On Tuesday the nation's attention will turn to Attorney General Jeff Session's public testimony before the Senate Intelligence Committee, which he requested.   Session has said he wants to answer questions raised by Comey's testimony last Thursday. Session's knows his most important audience will be the president.  Trump was reportedly angry at Sessions for recusing himself from the Russia investigation, and there have been rumors that the attorney general is on thin ice.  Sessions had earlier failed to report meetings that he had with Russian officials during the transition.   Before recusing himself, Sessions said, "I never had meetings with Russian operatives or Russian intermediaries about the Trump campaign."  That was not true.

Can Jefferson Beauregard Sessions really be trusted to answer Senator's questions accurately in a public hearing with Donald Trump holding the sword of Damocles over his head?  Oh, what a tangled web we weave when first we practice to deceive.  

Saturday, May 27, 2017

Trump Staff Shake Up

The crisis surrounding the Trump White House and its possible ties to Russia deepened with the disclosure of unreported meetings between the Russian ambassador and Jared Kushner, President Donald Trump’s son-in-law and senior adviser. The disclosure raises questions about whether Kushner was intentionally concealing the meetings, and, if so, why?  Meanwhile, President Trump has retained private legal counsel, and he is reported to be considering a major staff shakeup.
The Washington Post reported Friday that Kushner proposed setting up a back-door channel to the Russians using their facilities during the transition.  He did so in a meeting last December with Russian Ambassador Sergey I. Kislyak and Michael Flynn, who served as national security adviser to the president briefly before he was fired.   The Washington Post reported that Kushner’s proposal took Kislyak by surprise.   A former U.S. intelligence official quoted in the paper called Kushner’s idea, “extremely naive or absolutely crazy.”
Meanwhile, the Senate Intelligence Committee has stepped up its inquiry into Russian interference into the 2016 presidential race by requesting all Russian related documents, emails and phone records beginning June 2015 from the Trump organization, according to the Post.   Investigations are being conducted by committees in the Senate and House, as well as by the FBI.
The number of leaks pertaining to these investigations is extraordinary, and some appear to come from within the White House.   Below the surface members of Trump’s team have been deeply divided, which is not surprising given Trump’s management style.  Moreover, the sheer weight of these daily revelations is taking attention away from other issues, and they have disrupted any progress with Trump’s agenda.
The Russians want economic sanctions imposed on it by the U.S. eased, including those imposed by President Obama for its meddling in the U.S. elections.   In a meeting during the transition last December, Mike Flynn gave the Russian ambassador the impression that sanctions could be revisited after Trump took office.  U.S. intelligence has concluded that the Russians interfered in the November election to tip the scales in favor of Trump over Hillary Clinton.  Russian President Vladimir Putin has accused Clinton of being behind anti-government protests in his country and tough on sanctions.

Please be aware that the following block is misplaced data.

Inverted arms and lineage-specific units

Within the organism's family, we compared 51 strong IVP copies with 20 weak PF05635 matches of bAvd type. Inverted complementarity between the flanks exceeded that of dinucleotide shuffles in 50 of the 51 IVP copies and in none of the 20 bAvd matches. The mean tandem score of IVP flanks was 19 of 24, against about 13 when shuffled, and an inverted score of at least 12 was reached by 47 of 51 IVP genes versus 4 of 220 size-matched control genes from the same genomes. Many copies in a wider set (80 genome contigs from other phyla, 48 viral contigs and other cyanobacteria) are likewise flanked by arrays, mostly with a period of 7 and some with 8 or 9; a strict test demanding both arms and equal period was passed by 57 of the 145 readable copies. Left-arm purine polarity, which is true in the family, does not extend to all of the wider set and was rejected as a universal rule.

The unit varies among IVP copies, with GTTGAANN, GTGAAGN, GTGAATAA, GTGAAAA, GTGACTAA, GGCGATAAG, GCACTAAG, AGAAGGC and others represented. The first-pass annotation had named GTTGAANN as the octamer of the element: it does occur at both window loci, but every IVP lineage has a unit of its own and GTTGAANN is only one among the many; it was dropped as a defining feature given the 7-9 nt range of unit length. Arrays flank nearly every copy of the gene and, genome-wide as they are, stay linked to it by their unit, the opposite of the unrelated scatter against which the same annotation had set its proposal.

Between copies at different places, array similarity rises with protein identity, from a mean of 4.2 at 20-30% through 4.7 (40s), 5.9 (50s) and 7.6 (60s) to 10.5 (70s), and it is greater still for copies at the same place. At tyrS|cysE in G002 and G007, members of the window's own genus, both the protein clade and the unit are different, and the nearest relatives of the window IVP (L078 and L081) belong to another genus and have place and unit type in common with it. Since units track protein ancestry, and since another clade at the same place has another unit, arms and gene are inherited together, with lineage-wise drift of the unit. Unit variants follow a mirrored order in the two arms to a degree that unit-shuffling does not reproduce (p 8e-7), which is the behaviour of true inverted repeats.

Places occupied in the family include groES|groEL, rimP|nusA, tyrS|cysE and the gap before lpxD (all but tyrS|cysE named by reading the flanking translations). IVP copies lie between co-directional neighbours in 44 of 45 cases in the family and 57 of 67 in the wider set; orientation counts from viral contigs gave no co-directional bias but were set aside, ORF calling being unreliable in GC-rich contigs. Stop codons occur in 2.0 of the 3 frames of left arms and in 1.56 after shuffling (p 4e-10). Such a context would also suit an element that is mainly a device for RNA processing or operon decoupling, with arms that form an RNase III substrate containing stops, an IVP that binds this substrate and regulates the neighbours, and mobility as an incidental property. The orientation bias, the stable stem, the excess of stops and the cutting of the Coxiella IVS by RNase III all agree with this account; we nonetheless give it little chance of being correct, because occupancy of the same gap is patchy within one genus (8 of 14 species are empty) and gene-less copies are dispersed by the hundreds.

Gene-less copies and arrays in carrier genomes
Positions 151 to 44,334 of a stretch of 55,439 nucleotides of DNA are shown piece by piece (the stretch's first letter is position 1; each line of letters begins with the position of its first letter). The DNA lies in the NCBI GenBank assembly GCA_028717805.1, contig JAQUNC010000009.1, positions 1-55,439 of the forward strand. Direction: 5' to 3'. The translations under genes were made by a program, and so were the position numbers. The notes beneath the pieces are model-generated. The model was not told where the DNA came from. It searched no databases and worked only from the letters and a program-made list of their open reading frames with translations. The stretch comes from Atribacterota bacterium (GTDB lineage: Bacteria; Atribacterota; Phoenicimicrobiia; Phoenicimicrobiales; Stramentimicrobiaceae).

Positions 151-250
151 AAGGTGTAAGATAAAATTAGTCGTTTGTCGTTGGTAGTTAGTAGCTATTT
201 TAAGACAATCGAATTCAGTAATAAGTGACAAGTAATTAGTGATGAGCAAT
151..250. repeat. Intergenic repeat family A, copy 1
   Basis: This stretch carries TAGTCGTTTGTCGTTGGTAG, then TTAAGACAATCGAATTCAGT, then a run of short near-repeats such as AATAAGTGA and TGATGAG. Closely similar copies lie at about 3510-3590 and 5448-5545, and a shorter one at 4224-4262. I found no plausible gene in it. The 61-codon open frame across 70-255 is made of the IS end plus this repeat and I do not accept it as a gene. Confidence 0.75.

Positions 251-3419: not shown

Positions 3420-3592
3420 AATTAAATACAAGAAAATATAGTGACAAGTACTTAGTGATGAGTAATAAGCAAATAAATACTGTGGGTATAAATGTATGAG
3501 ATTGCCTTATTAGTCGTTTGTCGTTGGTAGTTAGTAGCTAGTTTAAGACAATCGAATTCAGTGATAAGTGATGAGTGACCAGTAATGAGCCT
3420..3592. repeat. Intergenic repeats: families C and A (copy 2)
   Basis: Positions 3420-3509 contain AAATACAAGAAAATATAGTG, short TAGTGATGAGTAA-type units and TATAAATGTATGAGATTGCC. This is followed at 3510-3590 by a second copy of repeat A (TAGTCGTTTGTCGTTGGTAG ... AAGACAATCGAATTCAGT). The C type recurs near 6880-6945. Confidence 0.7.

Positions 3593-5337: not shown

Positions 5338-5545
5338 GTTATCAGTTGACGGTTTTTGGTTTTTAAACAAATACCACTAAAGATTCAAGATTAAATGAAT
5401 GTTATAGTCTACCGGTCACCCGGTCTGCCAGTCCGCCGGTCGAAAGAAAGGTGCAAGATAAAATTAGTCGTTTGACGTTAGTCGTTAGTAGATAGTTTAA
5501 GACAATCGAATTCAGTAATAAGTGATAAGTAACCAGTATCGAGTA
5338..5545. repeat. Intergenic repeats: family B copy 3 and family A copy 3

Kushner also held a previously undisclosed meeting with Russian banker Sergey Gorkov, who is chairman of VneshEconomBank, a Russian government institution that is under U.S. sanctions.  Putin used that bank to finance the 2014 Sochi Winter Olympics, which cost a record $50 billion, and he and Gorkov are close.
In March, Reuters reported that, “at least 63 individuals with Russian passports or addresses have bought at least $98.4 million worth of property in seven Trump-branded towers in southern Florida.”   Both Kushner and Trump have had to raise money to fund their extensive real estate businesses.  Last week, The Washington Post revealed, “The investigative work now being done by the FBI also includes determining whether any financial crimes were committed by people close to the president.”   In a written statement, Kushner’s attorney said, “Mr. Kushner previously volunteered to share with Congress what he knows about these meetings. He will do the same if he is contacted in connection with any other inquiry.”
President Trump held no news conferences during his just completed trip overseas, leaving his aides to fend with reporter questions about Russia. Conservative Bill Kristol tweeted Saturday, “It’s not only that the Trump administration wanted a back channel to Russia, it’s that the Trump family did.”
Next week President Trump will have many tough issues to deal with.  They include his unrealistic and callous budget proposal, his ineptness in dealing with health insurance, and whether the U.S. should withdraw from the Paris Accord on climate change.  But no issues will be more difficult than the intensifying investigations into Russian interference in the U.S. Election, questions about Trump’s firing of FBI Director James Comey, and Russia’s relationships with the Trump administration and family.
Not even a staff shakeup will bring the president any relief.